Southern Baptist Convention approves resolution opposing IVF

shutterstock 626843126 A technician does control check of the in vitro fertilization process using a microscope. | Credit: Shutterstock

The Southern Baptist Convention, the largest Protestant denomination in the U.S., on Wednesday voted to approve a resolution opposing the use of in vitro fertilization (IVF) and called on Christian couples to “consider the ethical implications of assisted reproductive technologies as they look to God for hope, grace, and wisdom amid suffering.” 

The resolution, which is a statement of belief and is nonbinding, comes following a landmark ruling by the Alabama Supreme Court in February that found that frozen human embryos are children under state law. The ruling sparked a national debate, and Alabama lawmakers have since passed a bill that grants immunity to IVF providers in cases of death or injury to unborn babies during the IVF process. 

IVF is a medical procedure that fuses sperm and egg in a lab environment to conceive a child outside of the sexual act. The live embryo is then later implanted into a uterus to continue developing until birth.

The Catholic Church opposes the use of IVF on the grounds that it separates the marriage act from procreation and establishes “the domination of technology” over human life. The use of IVF, which necessarily includes a selection process of the “best” embryos, has led to millions of rejected human embryos being discarded and millions more frozen and stored in a state of limbo.

The SBC resolution passed on Wednesday echoes Catholic teaching in affirming that while “all children are to be fully respected and protected, not all technological means of assisting human reproduction are equally God-honoring or morally justified.” (Nearly a third of Alabamans are members of the Baptist faith.)

“The in vitro fertilization process routinely creates more embryos than can reasonably be implanted, thus resulting in the continued freezing, stockpiling, and ultimate destruction of human embryos, some of which may also be subjected to medical experimentation,” the resolution continues. 

“[W]e call on Southern Baptists to love all of their neighbors in accordance with their God-given dignity as image bearers and to advocate for the government to restrain actions inconsistent with the dignity and value of every human being, which necessarily includes frozen embryonic human beings.”

Debate on the floor of the SBC annual meeting, taking place in Indianapolis, saw several delegates from Baptist churches around the country — known as “messengers” — rise in support of and opposition to the resolution.

One messenger, Kentuckian Monica Hall, rose in support of the resolution, saying that there is “no way to describe the treatment of embryos at any point on the IVF process as ethical or dignified.” She endorsed a section of the resolution calling for the adoption of existing frozen embryos — a practice that the Catholic Church has not definitively ruled on but has expressed serious moral reservations about.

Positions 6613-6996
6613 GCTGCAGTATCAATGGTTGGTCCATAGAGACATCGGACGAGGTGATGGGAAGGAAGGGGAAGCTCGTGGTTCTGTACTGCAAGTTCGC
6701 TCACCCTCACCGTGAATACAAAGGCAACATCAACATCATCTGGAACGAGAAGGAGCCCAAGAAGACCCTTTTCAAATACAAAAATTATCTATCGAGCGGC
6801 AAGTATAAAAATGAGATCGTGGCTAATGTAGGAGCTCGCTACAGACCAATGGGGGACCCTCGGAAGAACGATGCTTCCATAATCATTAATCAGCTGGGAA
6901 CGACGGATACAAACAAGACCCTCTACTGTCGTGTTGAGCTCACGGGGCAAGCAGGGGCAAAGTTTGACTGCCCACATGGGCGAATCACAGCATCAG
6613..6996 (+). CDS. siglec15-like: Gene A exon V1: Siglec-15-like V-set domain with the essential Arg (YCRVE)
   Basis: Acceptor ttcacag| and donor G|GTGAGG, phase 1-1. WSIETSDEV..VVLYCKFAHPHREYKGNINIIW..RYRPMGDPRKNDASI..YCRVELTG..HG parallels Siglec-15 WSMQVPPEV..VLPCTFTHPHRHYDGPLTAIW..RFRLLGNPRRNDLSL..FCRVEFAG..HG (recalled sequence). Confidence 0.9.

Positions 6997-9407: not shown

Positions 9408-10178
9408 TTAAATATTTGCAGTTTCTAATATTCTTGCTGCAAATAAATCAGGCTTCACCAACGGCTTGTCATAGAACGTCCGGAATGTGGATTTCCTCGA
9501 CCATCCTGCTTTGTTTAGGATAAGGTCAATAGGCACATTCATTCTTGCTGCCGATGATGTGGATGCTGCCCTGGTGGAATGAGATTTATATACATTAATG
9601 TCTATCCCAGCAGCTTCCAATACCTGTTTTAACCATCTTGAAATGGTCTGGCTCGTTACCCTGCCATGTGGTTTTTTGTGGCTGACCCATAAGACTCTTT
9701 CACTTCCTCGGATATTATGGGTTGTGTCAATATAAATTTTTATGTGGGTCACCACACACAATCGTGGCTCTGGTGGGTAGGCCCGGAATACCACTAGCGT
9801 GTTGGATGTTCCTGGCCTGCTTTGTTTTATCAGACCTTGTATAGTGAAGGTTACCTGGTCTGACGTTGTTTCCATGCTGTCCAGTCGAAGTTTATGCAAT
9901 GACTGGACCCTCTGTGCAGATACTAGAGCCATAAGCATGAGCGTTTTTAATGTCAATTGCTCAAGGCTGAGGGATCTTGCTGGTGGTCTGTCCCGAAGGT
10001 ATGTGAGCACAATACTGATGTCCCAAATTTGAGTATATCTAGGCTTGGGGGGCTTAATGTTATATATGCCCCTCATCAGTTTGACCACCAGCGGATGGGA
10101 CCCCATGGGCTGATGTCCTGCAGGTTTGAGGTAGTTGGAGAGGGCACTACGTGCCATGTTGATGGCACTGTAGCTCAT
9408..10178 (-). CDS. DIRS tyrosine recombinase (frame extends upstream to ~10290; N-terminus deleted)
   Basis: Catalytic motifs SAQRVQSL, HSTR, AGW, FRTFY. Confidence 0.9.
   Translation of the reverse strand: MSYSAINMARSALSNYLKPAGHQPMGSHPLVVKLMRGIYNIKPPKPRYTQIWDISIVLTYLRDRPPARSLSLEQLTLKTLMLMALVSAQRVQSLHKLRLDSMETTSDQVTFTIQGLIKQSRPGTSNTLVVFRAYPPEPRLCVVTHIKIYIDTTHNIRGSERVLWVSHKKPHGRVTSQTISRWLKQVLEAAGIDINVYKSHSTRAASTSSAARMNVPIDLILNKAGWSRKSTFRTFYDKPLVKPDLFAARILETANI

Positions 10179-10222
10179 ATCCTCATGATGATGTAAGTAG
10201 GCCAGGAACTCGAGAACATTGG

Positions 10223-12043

Prominent Southern Baptist leaders had signaled opposition to IVF in recent weeks, with Albert Mohler, president of the flagship Southern Baptist Theological Seminary (SBTS) in Louisville, Kentucky, and a longtime critic of IVF, urging Christians to support the “correct ruling and judgment by the Alabama Supreme Court.” Mohler authored the SBC resolution along with SBTS professor Andrew Walker.

“Quite frankly, we know that in our churches we have compromised on this issue. But if we believe in the sanctity and dignity of every single human life from the moment of fertilization, we need to recognize any intervention with an embryo, any commodification of the embryo, any turn of the embryo into a consumer product is an assault upon human dignity,” Mohler said as reported by AL.com. 

In late May, the staff of the Ethics and Religious Liberty Commission (ERLC) of the SBC sent a letter to the U.S. Senate in which the commission, led by president Brent Leatherwood, noted that the IVF industry and the fertility industry at large “currently operate in the U.S. free from basic regulations and requirements [with] few protections in place for parents or for the embryos created.”

“A human embryo is a life. This life is as deserving of protection and all the standards of care we would give to a child or an adult. In the post-Roe moment we find ourselves in, we must make the most of this opportunity to stand for life in all its forms. We must redouble our efforts to create a culture where the preborn — even at the earliest stage — are seen as essential neighbors in our society worthy of being saved, where parents are served, and where families can flourish,” the letter reads.

“Though I understand the political dynamics that have driven many lawmakers to advocate for IVF ‘protections,’ no political justification should prevail over preventing the destruction of innocent life and the development of robust ethical frameworks in this area.”

The SBC vote comes ahead of an expected vote in the U.S. Senate on Thursday on a bill designed to establish a nationwide right to IVF, which has drawn criticism from some Republicans, who say it could have unintended consequences including the legalization of human cloning. 

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